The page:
There’s no question senior point guard Quade Green is the Huskies’ best player considering he’s their top scorer who has led them in points in more than half of their games.

Meanwhile, Jamal Bey, a versatile wing, appears to be the most talented and Erik Stevenson, a dynamic perimeter shooter, has been the most consistent offensive weapon the past four weeks.

However, the Washington men’s basketball team’s fate hinges on redshirt sophomore forward Nate Roberts, who is arguably the most important Husky considering UW’s dearth of big men.

“He brings a ton of energy,” coach Mike Hopkins said. “He’s our best offensive rebounder. He gets a lot of extra possessions. He’s one of the leaders on the team and when you lose him you don’t have that leadership on the court.”

Washington’s 3-12 overall and 2-8 Pac-12 records notwithstanding, it’s been a difficult season for Roberts, whose predecessors Isaiah Stewart and Noah Dickerson garnered all-Pac-12 first-team honors while leading UW’s offensive attack.

Roberts, who sat out as a freshman and played sparingly last season, is an active and athletic rebounder who ranks sixth in the Pac-12 with 6.2 rebounds per game.

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Still, the square-shouldered 6-foot-11, 245-pound Washington, D.C. native, slowly is developing as an offensive threat who averages 5.6 points per game.

It’s curious why Roberts ranks seventh on UW with 59 field-goal attempts (less than four shots per game) when he’s third among Huskies with at 10 games with a 54.2 field goal percentage.

“I can’t control where the ball goes or who it gets to,” Roberts said weeks ago when asked why he doesn’t get more shot attempts. “I’m not a point guard. I’ve never been a point guard so I really can’t control that.

“Sometimes when the time is right to assert myself when I have a mismatch or if I have an advantage over the offense, then that’s what I’ll do. But at the end of the day, it’s all about winning for me. If I shoot two shots or 20 shots, as long as we come out with a win, I’m going to be satisfied. I’ve always been a team guy and I’ll forever be a team guy.”

At the moment, Hopkins isn’t overly concerned about Roberts’ offensive production, but he desperately needs more at the other end of the court where the chiseled big man anchors UW’s 2-3 zone defense.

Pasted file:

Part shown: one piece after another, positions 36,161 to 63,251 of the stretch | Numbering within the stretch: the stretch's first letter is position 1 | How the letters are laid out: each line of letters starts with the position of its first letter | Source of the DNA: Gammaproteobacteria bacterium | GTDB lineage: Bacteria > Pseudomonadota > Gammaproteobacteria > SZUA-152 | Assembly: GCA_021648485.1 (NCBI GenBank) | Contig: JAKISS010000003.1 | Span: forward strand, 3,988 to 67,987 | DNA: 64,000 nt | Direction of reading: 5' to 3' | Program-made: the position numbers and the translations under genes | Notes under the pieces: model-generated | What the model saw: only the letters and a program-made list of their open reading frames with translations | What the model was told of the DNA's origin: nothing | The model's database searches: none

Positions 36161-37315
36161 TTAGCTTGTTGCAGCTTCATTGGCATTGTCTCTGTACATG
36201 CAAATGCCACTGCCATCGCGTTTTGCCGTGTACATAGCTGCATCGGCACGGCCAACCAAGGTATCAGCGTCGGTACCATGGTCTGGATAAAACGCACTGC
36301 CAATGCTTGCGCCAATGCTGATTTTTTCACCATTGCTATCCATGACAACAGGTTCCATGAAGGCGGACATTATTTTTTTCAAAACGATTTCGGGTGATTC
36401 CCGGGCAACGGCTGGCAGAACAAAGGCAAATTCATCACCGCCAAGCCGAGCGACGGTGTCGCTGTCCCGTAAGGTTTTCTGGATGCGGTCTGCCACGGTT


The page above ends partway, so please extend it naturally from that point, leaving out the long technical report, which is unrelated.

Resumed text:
Too often this season, Roberts has been hampered with early foul trouble as he was Sunday when he played just three minutes in the first half and 17 total during a 77-62 defeat against Washington State.

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Roberts’ absence allowed the Cougars to exploit the Huskies’ soft interior defense. WSU outscored UW 42-22 in the paint and enjoyed a 48-28 rebounding disparity.

“We got to do a better job protecting him,” Hopkins said. “We’ve been doing a little more of a matchup (defense) at some points where he gets into a one-on-one situations and we got to do a better job of figuring out how we can help him so we put him in less chances of getting stupid fouls that get him on the bench. And then he’s got to be more disciplined in his approach and play the most disciplined type of defense that he can without fouling for sure.”

Roberts, who averages just 0.5 blocks per game, has collected at least four fouls in seven games, including three times in the past four outings.

When Roberts is compromised with foul trouble, it becomes a “hard calculation” for Hopkins who is then forced to rely on makeshift four-guard lineups featuring 7-4 reserve center Riley Sorn in the middle.

Senior forward Hameir Wright tallied a season-low nine minutes Sunday due to an injured thumb while redshirt sophomore forward J’Raan Brooks – UW’s fourth player who is 6-9 or taller – hasn’t played in the past four games.

“You’re put at a disadvantage,” Hopkins said when asked about losing Roberts to foul trouble. “We need to protect Nate. We need to have him in the game. He needs to play at least 20 to 25 minutes a game.”

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Even with Roberts, the Huskies have been a dismal rebounding team that’s forced Hopkins to tweak the defense in recent weeks to help them on the glass.

Still, Washington ranks last in the Pac-12 in rebounding differential (-9.6) and allows opponents a league high 40.9 rebounds per game.

The Huskies’ rebounding troubles is a point of emphasis heading into the 6 p.m. matchup Thursday at Oregon State and Warith Alatishe, who leads the Pac-12 in offensive rebounds per game (3.3).

“We got to do a better job,” Hopkins said. “That’s just a big focus on what we have to do. Very similar to the last game. We got to defensive rebound and we can’t put them on the foul line. That’s going to be a non-negotiable.”

Alatishe, a 6-7 junior forward who transferred from Nicholls State, ranks second in the Pac-12 with 8.2 rebounds and averages 8.7 points.

Led by senior guard Ethan Thompson (16.3 points per game), who has tormented the Huskies in the past, Oregon State (8-7, 4-5) fell to seventh in the Pac-12 standings after a pair of defeats last week in Los Angeles to USC and UCLA.

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The Huskies are 0-8 on the road and have allowed a league-worst 88.6 points in Pac-12 games away from home.

“They’re just waiting for that defense to click in and hopefully that comes some time after Thursday,” OSU coach Wayne Tinkle said. “They’ve been through a lot and the admirable thing is how Coach Hopkins has got those guys believing day in and day out. They’re still battling.

“They’re going to knock some teams off because they got talent and he’s a heck of a coach. We just got to make sure we do what we need to do and let them hopefully get in their groove somewhere down the road.”